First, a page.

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Scientology tunes heading to area homes

Title: Scientology tunes heading to area homes
Date: Saturday, 7 June 1986
Publisher: Clearwater Sun (Florida)
Author: Lesley Collins
Main source: link (117 KiB)

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CLEARWATER — Could the composing abilities of the late L. Ron Hubbard, founder of the Church of Scientology, nudge Madonna and Billy Ocean out of the top-20 in pop music?

Some 600 Clearwater residents will have the chance to decide.

Parishioners at the Fort Harrison Hotel, the sect's Clearwater headquarters, have forked out the money to mail out more than 600 cassette tapes that contain Hubbard's musical statement on what Scientology is all about.

"The Road to Freedom" cassette — with a cover that shows a white bridge traveling into a cloud-filled sky — contains 10 songs with music and lyrics by Hubbard. The elusive Hubbard, who had not been seen in public since 1980, died of a stroke Jan. 25 at his California ranch.

"Some parishioners got together and thought others might enjoy the music," Scientology spokesman Ludwig Alpers said.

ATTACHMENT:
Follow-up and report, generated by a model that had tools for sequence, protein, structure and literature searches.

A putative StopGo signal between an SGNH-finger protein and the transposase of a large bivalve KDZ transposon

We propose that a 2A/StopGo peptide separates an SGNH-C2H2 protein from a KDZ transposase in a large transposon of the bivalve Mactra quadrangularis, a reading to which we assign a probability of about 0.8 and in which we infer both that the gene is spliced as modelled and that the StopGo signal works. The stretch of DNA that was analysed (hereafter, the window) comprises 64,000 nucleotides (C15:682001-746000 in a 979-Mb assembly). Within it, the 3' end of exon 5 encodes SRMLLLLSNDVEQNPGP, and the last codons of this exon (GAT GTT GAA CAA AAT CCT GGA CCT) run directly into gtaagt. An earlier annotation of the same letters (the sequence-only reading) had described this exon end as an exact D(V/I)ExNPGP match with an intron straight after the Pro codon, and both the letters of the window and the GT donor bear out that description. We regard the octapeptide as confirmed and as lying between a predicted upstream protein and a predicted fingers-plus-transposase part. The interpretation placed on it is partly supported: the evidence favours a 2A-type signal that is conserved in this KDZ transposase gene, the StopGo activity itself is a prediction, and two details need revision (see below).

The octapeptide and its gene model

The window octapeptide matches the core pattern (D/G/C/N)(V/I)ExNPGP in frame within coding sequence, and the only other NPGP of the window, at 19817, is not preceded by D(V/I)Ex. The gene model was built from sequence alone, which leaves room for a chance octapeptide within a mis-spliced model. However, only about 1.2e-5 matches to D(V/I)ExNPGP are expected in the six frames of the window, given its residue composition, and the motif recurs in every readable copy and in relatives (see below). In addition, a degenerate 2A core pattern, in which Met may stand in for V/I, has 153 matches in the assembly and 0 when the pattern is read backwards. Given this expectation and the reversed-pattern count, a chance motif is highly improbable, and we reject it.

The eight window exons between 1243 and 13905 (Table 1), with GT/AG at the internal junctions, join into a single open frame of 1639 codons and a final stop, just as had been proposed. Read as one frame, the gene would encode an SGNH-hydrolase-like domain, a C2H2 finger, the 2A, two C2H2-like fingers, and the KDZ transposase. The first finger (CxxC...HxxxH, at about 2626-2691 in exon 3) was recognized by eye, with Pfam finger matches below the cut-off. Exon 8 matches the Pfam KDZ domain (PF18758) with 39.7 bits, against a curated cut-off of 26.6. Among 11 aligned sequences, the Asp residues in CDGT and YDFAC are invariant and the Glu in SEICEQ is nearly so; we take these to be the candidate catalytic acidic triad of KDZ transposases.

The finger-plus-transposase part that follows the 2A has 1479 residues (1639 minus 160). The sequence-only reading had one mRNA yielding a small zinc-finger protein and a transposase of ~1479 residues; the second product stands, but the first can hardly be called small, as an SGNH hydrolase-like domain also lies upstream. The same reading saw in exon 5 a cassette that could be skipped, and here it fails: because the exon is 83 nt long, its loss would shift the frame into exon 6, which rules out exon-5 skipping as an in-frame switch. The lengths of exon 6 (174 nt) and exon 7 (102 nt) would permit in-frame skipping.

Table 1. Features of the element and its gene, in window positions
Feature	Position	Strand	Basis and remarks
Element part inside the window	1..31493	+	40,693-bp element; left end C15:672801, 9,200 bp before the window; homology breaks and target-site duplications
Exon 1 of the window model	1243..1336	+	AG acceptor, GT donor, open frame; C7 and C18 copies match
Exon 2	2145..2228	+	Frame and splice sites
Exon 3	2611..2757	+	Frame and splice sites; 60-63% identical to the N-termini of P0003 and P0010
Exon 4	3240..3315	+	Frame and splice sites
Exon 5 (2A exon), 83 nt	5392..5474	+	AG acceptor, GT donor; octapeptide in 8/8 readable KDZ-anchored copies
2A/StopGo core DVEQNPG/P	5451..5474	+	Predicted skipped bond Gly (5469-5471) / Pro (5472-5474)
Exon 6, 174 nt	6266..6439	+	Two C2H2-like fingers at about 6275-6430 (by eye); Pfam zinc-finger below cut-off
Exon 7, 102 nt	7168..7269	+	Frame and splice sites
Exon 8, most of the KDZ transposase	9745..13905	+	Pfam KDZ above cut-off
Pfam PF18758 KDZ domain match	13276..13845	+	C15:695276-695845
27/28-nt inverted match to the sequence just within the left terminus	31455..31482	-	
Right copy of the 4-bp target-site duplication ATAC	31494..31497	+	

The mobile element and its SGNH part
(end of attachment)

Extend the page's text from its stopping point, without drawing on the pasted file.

"This cassette called 'The Road to Freedom' is a gift to you," reads a letter enclosed with the tape.

"Please listen to it. Enjoy the music and listen to the words. We think you'll find it most enlightening."

"The Worried Being" includes the following verses:

There was a worried being who did secret acts
He felt he had to hide, hide, hide, hide, hide.
Oooo what a sad song!
A careless teacher gave him false data
And he went dumb, dumb, dumb, dumb, dumb.
Oooo what a sad song!
That bad experience gave him engrams
And he began to hurt, hurt, hurt, hurt, hurt.
Oooo what a sad song!

More cassettes will be mailed to residents, Alpers noted. And, if future plans hold up, Hubbard's songs may be played over the airwaves of local radio stations.

While the packaged cassettes take their route through the U.S. Mail, a musical video version of the tape is airing on a Tampa cable television station, he added.

Hollywood notables John Travolta, Frank Stallone (Sylvester's brother) and Leif Garrett are some of the vocalists for such upbeat, contemporary tunes as "The Evil Purpose" and "The ARC Song."

A flap on the cassette cover lists the definitions of Scientology terms used in the lyrics.

The letters A-R-C, for example, stand for Affinity, Reality and Communication. To Scientologists, the initials have come to mean good feeling, love or friendliness, the cassette cover explains.